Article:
aquaprofunda: Lemons (lemons)
[personal profile] aquaprofunda
Preserved LemonsFirstly, OM NOM NOM.

Preserved lemons are one of my favourite preserves. When I ask people if they like them, most of them have no idea what they are or what to do with them. I always tell them to use them like a spice or a seasoning - to add amazing flavour to a dish, that's more in the "spice" realm than fresh lemon zest/juice flavouring would be. I like to add preserved lemon to any 'moroccan'-style dish I'm doing (eg with loads of garlic, tomatoes, and chickpeas), to home-made hummous, to cous cous salads (with roasted capsicum and moar chickpeas and olives and parsley and tomato).

Basically, yum. A couple of months ago I jarred up a huge amount of lemons and put them in the back of the cupboard; this morning I transferred them to smaller jars to give to friends. the smell was amazing.

OK, so, enough gushing. Here's how you do it:


  • Lemons with some nice skins. You get better flavour out of nicely ripe lemons - rich gold skins instead of pale yellow. You'll probably at least a couple per jar, depending on your jar size.

  • Lemons for juice. Don't necessarily have to have nice skins. Probably almost an equal quantity of these as of the ones you'll be using the skins of.

  • Salt. Lots of salt. As in, buy a kilo bag of basic cooking/household salt.


  • Jars! Wide jars with wide mouths will serve you best. Big jars are good for the preserving stage, you can always re-jar them to smaller ones once they're nice and done. Your jars should be clean, preferably sterilised, and dry

  • A juice squeezer to squeeze your juicing lemons.

  • Chopping board/knife to cut up lemons.

  • Big bowl to put chopped lemons in (optional, good if you're doing preserving in a team!)

  • Jug for lemon juice.

  • Disposable latex gloves so you don't kill your cuticles with all the lemon juice and salt.


  1. First, set yourself up at a workbench. Have all your jars open and on hand. Pour a quantity of salt into a largish bowl (you'll be taking handfuls of it). Have that within reach along with your bowl for lemon wedges and jug for juice.

  2. Wash all your nice-skinned lemons, and chop them into wedges. Squeeze all your juicing lemons and pour the juice into the jug (try and keep the pulp and seeds out.

  3. Get your jar. Put a handful of salt into the bottom, then a layer of lemon wedges, making sure to press them firmly in - you want to have as little empty space in the jar as possible. Put another layer of salt over the top, and another round of wedges. Keep repeating this - think of the jar as a jigsaw puzzle and the lemon wedges as the pieces. you want to cram as much in, with a generous amount of salt between them and filling in the gaps.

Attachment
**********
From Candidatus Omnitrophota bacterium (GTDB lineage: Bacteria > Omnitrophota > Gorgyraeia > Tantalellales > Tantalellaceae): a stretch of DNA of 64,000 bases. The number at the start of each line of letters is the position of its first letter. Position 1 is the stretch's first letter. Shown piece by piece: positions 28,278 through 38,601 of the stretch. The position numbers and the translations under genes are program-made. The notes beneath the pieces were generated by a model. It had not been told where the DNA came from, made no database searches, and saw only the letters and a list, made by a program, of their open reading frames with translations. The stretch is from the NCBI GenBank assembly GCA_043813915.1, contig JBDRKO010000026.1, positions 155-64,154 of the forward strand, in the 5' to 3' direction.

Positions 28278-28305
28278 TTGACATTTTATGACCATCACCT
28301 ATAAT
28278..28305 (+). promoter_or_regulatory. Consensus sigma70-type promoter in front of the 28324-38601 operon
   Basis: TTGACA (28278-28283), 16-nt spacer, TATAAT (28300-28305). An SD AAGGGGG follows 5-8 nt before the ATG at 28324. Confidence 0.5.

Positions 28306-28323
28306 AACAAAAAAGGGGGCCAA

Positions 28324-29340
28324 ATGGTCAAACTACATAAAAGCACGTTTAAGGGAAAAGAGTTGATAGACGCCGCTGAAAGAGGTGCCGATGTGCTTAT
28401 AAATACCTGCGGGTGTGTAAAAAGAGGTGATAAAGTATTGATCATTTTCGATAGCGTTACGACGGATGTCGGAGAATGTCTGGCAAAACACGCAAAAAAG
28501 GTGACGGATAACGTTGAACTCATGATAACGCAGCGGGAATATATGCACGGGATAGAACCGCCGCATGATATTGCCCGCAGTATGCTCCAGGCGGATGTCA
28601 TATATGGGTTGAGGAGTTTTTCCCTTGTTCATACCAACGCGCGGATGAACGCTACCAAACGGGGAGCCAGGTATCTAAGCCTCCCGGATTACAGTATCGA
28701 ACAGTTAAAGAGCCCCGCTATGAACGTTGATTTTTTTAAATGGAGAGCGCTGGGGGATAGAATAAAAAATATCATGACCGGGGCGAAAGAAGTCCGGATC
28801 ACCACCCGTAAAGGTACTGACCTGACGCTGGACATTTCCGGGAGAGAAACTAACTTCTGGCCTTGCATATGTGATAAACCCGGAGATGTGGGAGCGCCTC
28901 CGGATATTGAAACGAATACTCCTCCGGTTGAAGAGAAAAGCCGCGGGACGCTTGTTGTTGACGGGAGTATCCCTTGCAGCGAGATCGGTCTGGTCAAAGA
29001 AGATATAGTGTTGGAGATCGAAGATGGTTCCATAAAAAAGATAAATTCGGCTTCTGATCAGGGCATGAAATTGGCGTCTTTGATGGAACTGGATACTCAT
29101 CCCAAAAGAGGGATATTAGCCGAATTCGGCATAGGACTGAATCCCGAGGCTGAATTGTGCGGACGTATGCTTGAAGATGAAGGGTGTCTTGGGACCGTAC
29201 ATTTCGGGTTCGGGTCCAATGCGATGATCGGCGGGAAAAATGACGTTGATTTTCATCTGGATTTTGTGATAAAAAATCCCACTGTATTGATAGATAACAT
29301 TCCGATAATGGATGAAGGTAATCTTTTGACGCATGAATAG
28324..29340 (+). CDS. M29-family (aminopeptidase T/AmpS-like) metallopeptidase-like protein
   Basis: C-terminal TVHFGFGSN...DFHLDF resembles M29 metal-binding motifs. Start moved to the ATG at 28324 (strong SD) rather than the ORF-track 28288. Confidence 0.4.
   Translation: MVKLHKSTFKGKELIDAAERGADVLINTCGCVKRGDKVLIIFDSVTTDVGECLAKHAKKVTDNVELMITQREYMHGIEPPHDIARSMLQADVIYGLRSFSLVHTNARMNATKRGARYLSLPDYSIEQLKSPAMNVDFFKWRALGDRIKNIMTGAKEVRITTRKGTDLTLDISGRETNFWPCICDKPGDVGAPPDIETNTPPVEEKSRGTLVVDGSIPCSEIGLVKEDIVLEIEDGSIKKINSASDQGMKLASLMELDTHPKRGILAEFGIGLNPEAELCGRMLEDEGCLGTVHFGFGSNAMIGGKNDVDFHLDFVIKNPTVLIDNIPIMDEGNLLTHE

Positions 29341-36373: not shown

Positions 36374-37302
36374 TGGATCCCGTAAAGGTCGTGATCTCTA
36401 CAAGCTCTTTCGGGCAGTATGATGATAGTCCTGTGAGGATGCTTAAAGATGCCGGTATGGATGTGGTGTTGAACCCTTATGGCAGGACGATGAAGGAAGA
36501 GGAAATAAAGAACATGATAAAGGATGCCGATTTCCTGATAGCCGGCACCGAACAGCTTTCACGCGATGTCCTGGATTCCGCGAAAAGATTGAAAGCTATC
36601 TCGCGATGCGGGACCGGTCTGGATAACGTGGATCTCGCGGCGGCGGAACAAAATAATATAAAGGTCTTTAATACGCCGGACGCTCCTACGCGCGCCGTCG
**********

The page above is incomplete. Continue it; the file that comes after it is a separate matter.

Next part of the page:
4. When you've filled the jar up to the top, carefully pour lemon juice in with the plan of filling all air pockets with juice. You might have to carefully jiggle the jar around a bit and maybe use a chopstick or something to poke and lever lemons to allow the juice to flow.

  5. Once it's full to the brim, wipe the salt & juice off around the jar rim and put the jar lid on tightly.

  6. Put full jars in a dark cupboard for 6-8 weeks. You might want to turn them upside down halfway through as there's likely to be some airpockets regardless, and that gets the juice covering all lemons at one point or another. After 6-8 weeks, they're ready to eat!

How to prepare for eating

  1. Take a single wedge - or less, depending on how much you want - from the jar. Rinse carefully under running water, washing off the salt. Use your thumb to scrape off the lemon flesh/pulp so that only the peel is left. It shouldn't be too hard.

  2. Unless it's going in the food processor, you'll probably want to chop the peel into small pieces before putting them into your food. As with spices like garlic and ginger, the later you put it in the food before eating, the stronger the flavour will be. It's perfectly fine to eat "raw", i.e. in salads and so forth.

Like I said: OM NOM NOM!

Date: 2014-03-01 09:07 am (UTC)
transcendancing: Darren Hayes quote "Life is for leading, for not people pleasing" (Default)
From: [personal profile] transcendancing

*saves recipe*


aquaprofunda: An eye reflected twice in a cut mirror. (Default)

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